Dear GCS Project members,
I have received a surgical diagnosis of uterine carcinosarcoma Stage 1B. Surgery involved total hysterectomy and lymphodenectomy but with preservation of my ovaries. I am 42 years of age, BMI of 20 and generally very healthy and well. Lymph node dissection revealed that there has been no metastasis to the lymph.
At the time of clinical consultation, I decided to try to preserve the ovaries to minimize long-term risks associated with surgical menopause and due to family history. This decision was made prior to my post-surgical diagnosis with uterine carcinosarcoma (at the stage of clinical consultation, a high-grade endometrial cancer was the diagnosis, so my surgeon was alright with me preserving my ovaries and evidence supported their preservation as CT and MRI suggested stage 1B, while European standards did not necessarily advise oophorectomy). I did give the surgeon permission to remove the ovaries during surgery should he suspect any metastasis or tumour involvement. He didn't see any evidence of this, and so both ovaries remain intact.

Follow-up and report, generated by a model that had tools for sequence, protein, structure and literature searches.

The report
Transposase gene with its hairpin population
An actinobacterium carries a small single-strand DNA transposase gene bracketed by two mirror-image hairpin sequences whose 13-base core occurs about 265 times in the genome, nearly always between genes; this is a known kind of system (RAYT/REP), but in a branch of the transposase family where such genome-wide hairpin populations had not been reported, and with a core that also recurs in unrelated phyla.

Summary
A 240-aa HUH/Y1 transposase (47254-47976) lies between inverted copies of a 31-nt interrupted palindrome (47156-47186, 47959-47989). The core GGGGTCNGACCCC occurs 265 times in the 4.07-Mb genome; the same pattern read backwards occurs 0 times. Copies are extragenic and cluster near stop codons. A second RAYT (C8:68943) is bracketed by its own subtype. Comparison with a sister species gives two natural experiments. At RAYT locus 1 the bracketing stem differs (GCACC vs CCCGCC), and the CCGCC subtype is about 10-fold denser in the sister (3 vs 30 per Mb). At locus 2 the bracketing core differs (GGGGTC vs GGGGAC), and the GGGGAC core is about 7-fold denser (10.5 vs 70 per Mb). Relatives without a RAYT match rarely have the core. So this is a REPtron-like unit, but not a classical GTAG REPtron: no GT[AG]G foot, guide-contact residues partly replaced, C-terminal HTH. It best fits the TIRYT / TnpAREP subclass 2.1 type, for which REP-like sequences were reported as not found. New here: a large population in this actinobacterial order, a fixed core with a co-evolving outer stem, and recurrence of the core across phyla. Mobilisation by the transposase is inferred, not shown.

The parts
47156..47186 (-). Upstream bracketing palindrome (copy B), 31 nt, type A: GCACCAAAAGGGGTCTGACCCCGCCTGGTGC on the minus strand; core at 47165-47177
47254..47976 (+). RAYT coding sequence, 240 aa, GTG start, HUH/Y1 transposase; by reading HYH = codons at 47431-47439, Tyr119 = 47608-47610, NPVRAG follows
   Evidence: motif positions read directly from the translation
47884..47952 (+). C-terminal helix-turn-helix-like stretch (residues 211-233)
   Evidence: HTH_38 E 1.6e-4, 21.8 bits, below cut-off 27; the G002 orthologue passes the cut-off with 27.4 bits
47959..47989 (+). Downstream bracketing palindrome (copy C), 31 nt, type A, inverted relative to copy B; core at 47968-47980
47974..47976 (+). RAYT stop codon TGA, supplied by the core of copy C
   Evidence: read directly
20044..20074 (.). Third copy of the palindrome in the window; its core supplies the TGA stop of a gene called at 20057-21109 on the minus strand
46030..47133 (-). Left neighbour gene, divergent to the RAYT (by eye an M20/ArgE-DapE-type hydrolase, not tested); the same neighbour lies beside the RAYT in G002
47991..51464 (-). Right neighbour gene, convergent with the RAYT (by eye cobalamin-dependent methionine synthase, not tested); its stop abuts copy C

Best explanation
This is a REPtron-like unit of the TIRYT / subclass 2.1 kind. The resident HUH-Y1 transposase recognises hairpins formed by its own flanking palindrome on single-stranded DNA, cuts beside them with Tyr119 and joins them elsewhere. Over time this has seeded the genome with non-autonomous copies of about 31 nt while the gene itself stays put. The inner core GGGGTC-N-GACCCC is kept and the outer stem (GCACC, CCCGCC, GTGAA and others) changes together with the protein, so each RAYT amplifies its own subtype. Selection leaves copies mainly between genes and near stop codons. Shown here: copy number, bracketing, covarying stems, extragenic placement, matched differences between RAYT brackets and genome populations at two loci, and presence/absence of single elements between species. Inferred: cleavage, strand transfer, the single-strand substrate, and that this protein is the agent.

Now, with the diagnosis of uterine carcinosarcoma, the MDT has advised bilateral oophorectomy (for exact staging they say) and adjuvant radiotherapy. I intend to have the radiotherapy but my question to the forum is whether any of you know of any evidence or studies that suggest that preserving the ovaries increases the likelihood of recurrence? Or does anyone know of any studies at all that evidence the benefits of bilateral oophorectomy for the treatment of uterine carcinosarcoma?
Many thanks for your response. I am so grateful to you for creating and engaging with this resource. My surgical team have yet to counsel me on the diagnosis making recommendations for treatment, without even telling me anything about prognosis or exact pathohistological results, and so I have had to research the disease on my own. I am therefore very relieved to find you, and to know that there are others out there working to integrate patient experience and build a community of patients that can support each other through this difficult disease.
Gillian Jein (PhD)
Senior Lecturer in French Studies
School of Modern Languages
We are so sorry for your suffering and hope we can find you the support you are requesting.
Our GCS expert, Dr. Michael Birrer offered the following:
There is essentially no data to rely on since this is a rare situation with a rare tumor. But in my opinion I would recommend a full staging procedure which would involve repeat surgery and removal of the ovaries. At that point it is likely that chemo would be indicated.
He also offered that you could call Kim at his office: 501-296-1200 or email his office: uamshealth.com at the University of Alabama.
Please take care and let us know how you proceed.
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